6.64 Maximum brightness of dwarf planet Ceres in the asteroid belt
6.75 Maximum brightness of asteroid Iris
6.90 The spiral galaxy M81 is an extreme naked eye target that pushes human eyesight and the Bortle Dark-Sky Scale to the limit[31]
7 to 8 Extreme naked eye limit with class 1 Bortle Dark-Sky Scale, the darkest skies available on Earth[32]
7.78 Maximum brightness of Neptune[33]
8.02 Minimum brightness of Neptune
8.10 Maximum brightness of Titan (largest moon of Saturn),[34][35] mean opposition magnitude 8.4[36]
8.94 Maximum brightness of asteroid 10 Hygiea[37]
9.50 Faintest objects visible using common 7x50 binoculars under typical conditions[38]
10.20 Maximum brightness of Iapetus[35] (brightest when west of Saturn and takes 40 days to switch sides)
12.91 Brightest quasar 3C 273 (luminosity distance of 2.4 giga-light years)
13.42 Maximum brightness of Triton[36]
13.65 Maximum brightness of Pluto[39] (725 times fainter than magnitude 6.5 naked eye skies)
15.40 Maximum brightness of centaur Chiron[40]
15.55 Maximum brightness of Charon (the large moon of Pluto)
16.80 Current opposition brightness of Makemake[41]
17.27 Current opposition brightness of Haumea[42]
18.70 Current opposition brightness of Eris
20.70 Callirrhoe (small ~8 km satellite of Jupiter)[36]
22.00 Approximate limiting magnitude of a 24" Ritchey-Chrétien telescope with 30 minutes of stacked images (6 subframes at 300s each) using a CCD detector[43]
22.91 Maximum brightness of Pluto's moon Hydra
23.38 Maximum brightness of Pluto's moon Nix
24.80 Amateur picture with greatest magnitude: quasar CFHQS J1641 +3755[44][45]
25.00 Fenrir (small ~4 km satellite of Saturn)[46]
27.00 Faintest objects observable in visible light with 8m ground-based telescopes
28.00 Jupiter if it were located 5000AU from the Sun[47]
28.20 Halley's Comet in 2003 when it was 28AU from the Sun[48]
31.50 Faintest objects observable in visible light with Hubble Space Telescope[49]
35.00 LBV 1806-20, a luminous blue variable star, expected magnitude at visible wavelengths due to interstellar extinction
36.00 Faintest objects observable in visible light[citation needed] with E-ELT
(see also List of brightest stars)

Some of the above magnitudes are only approximate. Telescope sensitivity also depends on observing time, optical bandpass, and interfering light from scattering and airglow.

See also[edit]

References[edit]

  1. ^ a b "Vmag<6.5". SIMBAD Astronomical Database. Retrieved 2010-06-25. 
  2. ^ "Magnitude". National Solar Observatory—Sacramento Peak. Archived from the original on 2008-02-06. Retrieved 2006-08-23.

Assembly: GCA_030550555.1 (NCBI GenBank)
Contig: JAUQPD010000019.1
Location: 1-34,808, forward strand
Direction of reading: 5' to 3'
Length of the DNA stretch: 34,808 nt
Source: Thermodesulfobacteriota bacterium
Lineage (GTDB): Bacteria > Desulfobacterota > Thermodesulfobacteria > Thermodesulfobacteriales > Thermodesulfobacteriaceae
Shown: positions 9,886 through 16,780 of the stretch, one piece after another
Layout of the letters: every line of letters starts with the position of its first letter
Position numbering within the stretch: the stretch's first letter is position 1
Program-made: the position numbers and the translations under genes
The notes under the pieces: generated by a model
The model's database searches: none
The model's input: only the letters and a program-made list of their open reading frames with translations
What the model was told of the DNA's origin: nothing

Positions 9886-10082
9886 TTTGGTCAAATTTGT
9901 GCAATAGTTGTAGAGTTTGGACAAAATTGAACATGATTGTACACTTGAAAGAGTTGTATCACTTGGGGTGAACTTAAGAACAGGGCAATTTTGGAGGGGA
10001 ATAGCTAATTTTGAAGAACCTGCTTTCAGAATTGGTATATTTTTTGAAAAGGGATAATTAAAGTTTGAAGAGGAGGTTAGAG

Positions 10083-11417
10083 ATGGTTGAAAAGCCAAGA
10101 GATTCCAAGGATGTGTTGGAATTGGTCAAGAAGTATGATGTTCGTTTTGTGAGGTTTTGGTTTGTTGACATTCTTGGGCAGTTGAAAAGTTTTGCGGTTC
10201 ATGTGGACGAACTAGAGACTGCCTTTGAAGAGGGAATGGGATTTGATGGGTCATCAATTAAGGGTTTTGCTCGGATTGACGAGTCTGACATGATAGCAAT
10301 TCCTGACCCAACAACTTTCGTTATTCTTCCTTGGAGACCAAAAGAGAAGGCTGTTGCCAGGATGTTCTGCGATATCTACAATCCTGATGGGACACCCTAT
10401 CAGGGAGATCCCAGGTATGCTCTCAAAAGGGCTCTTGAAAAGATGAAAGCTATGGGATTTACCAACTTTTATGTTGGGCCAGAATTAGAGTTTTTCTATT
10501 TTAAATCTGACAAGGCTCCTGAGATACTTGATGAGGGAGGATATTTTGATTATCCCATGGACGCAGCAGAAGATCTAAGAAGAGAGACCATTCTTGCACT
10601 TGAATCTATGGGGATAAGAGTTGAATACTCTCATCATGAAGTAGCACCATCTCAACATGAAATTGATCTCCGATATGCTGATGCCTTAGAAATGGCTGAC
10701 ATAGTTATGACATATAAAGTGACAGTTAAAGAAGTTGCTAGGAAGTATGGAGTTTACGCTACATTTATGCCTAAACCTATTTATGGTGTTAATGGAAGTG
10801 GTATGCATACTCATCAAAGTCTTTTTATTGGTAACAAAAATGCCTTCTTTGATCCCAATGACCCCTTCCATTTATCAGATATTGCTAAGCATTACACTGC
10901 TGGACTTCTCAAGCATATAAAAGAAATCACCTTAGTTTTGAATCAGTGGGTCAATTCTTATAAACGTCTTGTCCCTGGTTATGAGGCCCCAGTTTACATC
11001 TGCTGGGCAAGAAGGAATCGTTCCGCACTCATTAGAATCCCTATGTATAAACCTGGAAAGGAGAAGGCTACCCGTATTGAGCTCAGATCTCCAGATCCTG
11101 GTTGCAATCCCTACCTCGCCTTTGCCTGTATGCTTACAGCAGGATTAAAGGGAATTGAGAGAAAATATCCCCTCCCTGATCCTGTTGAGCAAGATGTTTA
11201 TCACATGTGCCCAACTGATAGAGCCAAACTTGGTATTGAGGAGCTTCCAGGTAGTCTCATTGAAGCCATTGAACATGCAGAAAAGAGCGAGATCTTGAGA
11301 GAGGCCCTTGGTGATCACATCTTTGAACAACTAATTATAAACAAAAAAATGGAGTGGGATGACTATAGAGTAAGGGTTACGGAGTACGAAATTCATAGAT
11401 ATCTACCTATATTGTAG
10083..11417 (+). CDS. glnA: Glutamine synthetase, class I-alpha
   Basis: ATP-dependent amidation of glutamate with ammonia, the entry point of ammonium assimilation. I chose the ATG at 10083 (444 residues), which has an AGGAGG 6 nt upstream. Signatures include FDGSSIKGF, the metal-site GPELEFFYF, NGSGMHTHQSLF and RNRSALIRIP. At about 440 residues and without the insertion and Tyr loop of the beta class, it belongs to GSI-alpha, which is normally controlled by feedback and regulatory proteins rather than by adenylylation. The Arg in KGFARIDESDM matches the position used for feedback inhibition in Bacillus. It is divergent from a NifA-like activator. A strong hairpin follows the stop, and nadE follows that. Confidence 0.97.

3. ^ Bright Star Catalogue
  4. ^ Magnitudes of Thirty-six of the Minor Planets for the first day of each month of the year 1857, N. Pogson, MNRAS Vol. 17, p. 12 (1856)
  5. ^ Landolt-Börnstein: Numerical Data and Functional Relationships in Science and Technology - New Series " Gruppe/Group 6 Astronomy and Astrophysics " Volume 2 Schaifers/Voigt: Astronomy and Astrophysics / Astronomie und Astrophysik " Stars and Star Clusters / Sterne und Sternhaufen L. H. Aller et al., ISBN 3-540-10976-5 (1982)
  6. ^ a b Williams, Dr. David R. (2010-02-02). "Moon Fact Sheet". NASA (National Space Science Data Center). Archived from the original on 23 March 2010. Retrieved 2010-04-09. 
  7. ^ a b Williams, Dr. David R. (2004-09-01). "Sun Fact Sheet". NASA (National Space Science Data Center). Archived from the original on 15 July 2010. Retrieved 2010-07-03. 
  8. ^ Prof. Aaron Evans. "Some Useful Astronomical Definitions". Stony Brook Astronomy Program. Retrieved 2009-07-12. 
  9. ^ "Magnitude Arithmetic". Weekly Topic. Caglow. Retrieved 30 January 2012. 
  10. ^ Prof. Gregory D. Wirth. "Astronomical Magnitude Systems". Department of Physics and Astronomy, University of Toronto. Retrieved 2012-08-15. 
  11. ^ E. Schulman and C. V. Cox (1997). "Misconceptions About Astronomical Magnitudes". American Journal of Physics 65: 1003. Bibcode:1997AmJPh..65.1003S. doi:10.1119/1.18714. 
  12. ^ http://books.google.com/books?id=oTraksy4JYkC&pg=PA4&lpg=PA4&dq=lux+apparent+magnitude&source=bl&ots=xqAkSbR-b7&sig=yh5S56aSRogRL71WwhFdUqKqT-k&hl=en&sa=X&ei=Ua__UvOgDNXboAThooC4DA&ved=0CGoQ6AEwCA#v=onepage&q=lux%20apparent%20magnitude&f=false Introduction to Astrophysics: The Stars - Jean Dufay, page 3
  13. ^ Ian S. McLean, Electronic imaging in astronomy: detectors and instrumentation Springer, 2008, ISBN 3-540-76582-4 page 529